Whilst this article is focused on a number of the similar repeated movements and behaviours that children and adults with CDKL5 can exhibit, it is important to recognise that these are just their versions of some of the odd behavioural quirks we all possess. Good examples of this in the wider world are nail biting, finger tapping, playing with one’s hair, and even thumb-sucking as a common children’s stereotypy.
The generally accepted view is that these actions and behaviours provide a stimulus for the individual. They may be providing additional sensory stimulation or may in other cases be used to block out or inhibit excess sensory stimulation. They may indicate a positive or a negative emotion.
Children with CDKL5 can show typical repeat behaviours, some we have witnessed and recorded include: playing with hands and fingers; spontaneous hand clapping; sucking one or more fingers or even the whole hand; continual side-to-side head shaking; and odd verbal sounds such as moans, squeals, or screeches. Whilst most stereotypies are generally harmless to the child and those around them, many may be viewed as unpleasant or anti-social, so there may be a temptation to try to stop the child from what can be seen as obsessive, repeat behaviours. However, as with those stereotypies exhibited by the rest of us, this can be easier said than done, not least because the child will not understand that their particular behaviour(s) are anything other than normal and they are at least fulfilling a purpose or a need, even if we do not necessarily understand this.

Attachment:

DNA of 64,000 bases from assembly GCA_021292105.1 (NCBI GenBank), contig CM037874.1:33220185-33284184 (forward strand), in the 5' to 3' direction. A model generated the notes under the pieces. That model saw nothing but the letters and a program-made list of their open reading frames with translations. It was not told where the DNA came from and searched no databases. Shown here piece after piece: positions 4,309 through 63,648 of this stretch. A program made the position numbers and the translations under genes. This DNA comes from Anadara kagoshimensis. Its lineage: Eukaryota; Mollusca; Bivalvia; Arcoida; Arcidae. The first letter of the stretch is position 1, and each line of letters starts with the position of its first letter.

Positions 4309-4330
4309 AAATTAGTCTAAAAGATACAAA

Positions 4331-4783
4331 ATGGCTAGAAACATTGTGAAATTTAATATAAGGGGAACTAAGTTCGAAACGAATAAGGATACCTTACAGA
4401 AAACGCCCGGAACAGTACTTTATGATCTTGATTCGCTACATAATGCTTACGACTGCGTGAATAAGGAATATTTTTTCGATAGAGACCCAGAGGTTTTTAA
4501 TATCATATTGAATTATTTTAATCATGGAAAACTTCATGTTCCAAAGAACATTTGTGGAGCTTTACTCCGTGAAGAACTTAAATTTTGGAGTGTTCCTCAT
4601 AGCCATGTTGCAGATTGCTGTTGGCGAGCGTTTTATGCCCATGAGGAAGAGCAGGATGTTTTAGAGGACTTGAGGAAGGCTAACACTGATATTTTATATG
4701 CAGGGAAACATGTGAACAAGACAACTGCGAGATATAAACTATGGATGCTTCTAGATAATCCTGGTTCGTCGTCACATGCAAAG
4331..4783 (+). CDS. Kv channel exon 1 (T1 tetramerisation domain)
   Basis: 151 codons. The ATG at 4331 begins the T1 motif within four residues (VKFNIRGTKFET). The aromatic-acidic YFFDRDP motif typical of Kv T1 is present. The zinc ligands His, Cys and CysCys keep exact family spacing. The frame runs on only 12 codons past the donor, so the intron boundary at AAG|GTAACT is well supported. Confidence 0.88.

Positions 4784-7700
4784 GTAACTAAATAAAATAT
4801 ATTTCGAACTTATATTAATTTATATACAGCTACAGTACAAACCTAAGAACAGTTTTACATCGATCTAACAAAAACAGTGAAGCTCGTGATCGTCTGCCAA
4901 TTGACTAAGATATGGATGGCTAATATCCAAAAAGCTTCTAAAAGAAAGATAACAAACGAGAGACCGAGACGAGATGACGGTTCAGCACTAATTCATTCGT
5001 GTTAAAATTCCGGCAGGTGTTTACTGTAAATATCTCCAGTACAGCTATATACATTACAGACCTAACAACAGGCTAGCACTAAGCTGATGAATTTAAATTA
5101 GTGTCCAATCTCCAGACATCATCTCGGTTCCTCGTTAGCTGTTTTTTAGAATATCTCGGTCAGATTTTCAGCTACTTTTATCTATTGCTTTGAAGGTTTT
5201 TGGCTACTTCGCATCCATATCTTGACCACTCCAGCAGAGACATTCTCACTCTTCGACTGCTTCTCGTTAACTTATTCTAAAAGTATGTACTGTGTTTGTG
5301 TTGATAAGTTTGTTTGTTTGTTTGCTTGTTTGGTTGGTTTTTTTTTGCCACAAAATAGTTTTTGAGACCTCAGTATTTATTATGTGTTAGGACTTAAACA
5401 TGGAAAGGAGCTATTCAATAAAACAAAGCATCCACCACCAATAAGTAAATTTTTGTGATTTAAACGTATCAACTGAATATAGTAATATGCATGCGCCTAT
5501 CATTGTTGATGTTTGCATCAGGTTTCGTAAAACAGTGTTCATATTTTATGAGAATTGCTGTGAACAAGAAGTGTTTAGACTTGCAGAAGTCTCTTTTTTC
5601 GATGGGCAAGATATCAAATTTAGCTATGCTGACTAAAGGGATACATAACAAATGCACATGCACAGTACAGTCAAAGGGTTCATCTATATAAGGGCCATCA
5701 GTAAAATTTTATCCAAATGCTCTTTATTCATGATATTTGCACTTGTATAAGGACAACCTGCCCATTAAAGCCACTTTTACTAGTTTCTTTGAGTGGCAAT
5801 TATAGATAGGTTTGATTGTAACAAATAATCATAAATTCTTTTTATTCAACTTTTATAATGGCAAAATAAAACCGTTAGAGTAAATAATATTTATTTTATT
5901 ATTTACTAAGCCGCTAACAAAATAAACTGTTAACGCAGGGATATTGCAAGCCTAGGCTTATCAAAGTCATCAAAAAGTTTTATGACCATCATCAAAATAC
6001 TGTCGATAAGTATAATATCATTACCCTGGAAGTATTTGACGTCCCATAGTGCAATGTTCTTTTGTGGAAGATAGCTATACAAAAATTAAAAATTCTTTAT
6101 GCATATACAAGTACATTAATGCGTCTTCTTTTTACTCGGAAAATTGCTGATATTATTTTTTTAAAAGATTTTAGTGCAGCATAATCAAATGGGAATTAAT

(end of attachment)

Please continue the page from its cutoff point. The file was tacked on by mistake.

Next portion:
The focus, therefore, is better placed on trying to understand what purpose each such behaviour is fulfilling for the child. As our children are generally non-verbal, this relies on our own observation and interpretation of the behaviour in the context of the child’s mood, state of health etc. at any given time. Once the connection has been made, it may be possible to develop strategies for addressing the root cause rather than focusing on stopping the behaviour itself. Such strategies may, for instance, include taking steps to actively manage the child’s sensory environment, either through providing an environment less likely to stimulate the stereotypy, or even providing a safe, harmless environment in which the child can exhibit the stereotypical behaviour. Even where this is not possible, it is important for us all to recognise the circumstances or environment which may lead to a particular behaviour or action. This can at least help us to manage the situation to minimise the negative connotations sometimes associated with such behaviours. Even having the ability to explain the stereotypy to others is an important step.
Parents and carers of children and adults living with CDKL5 report many repetitive behaviours. Here is a not-exhaustive list of some: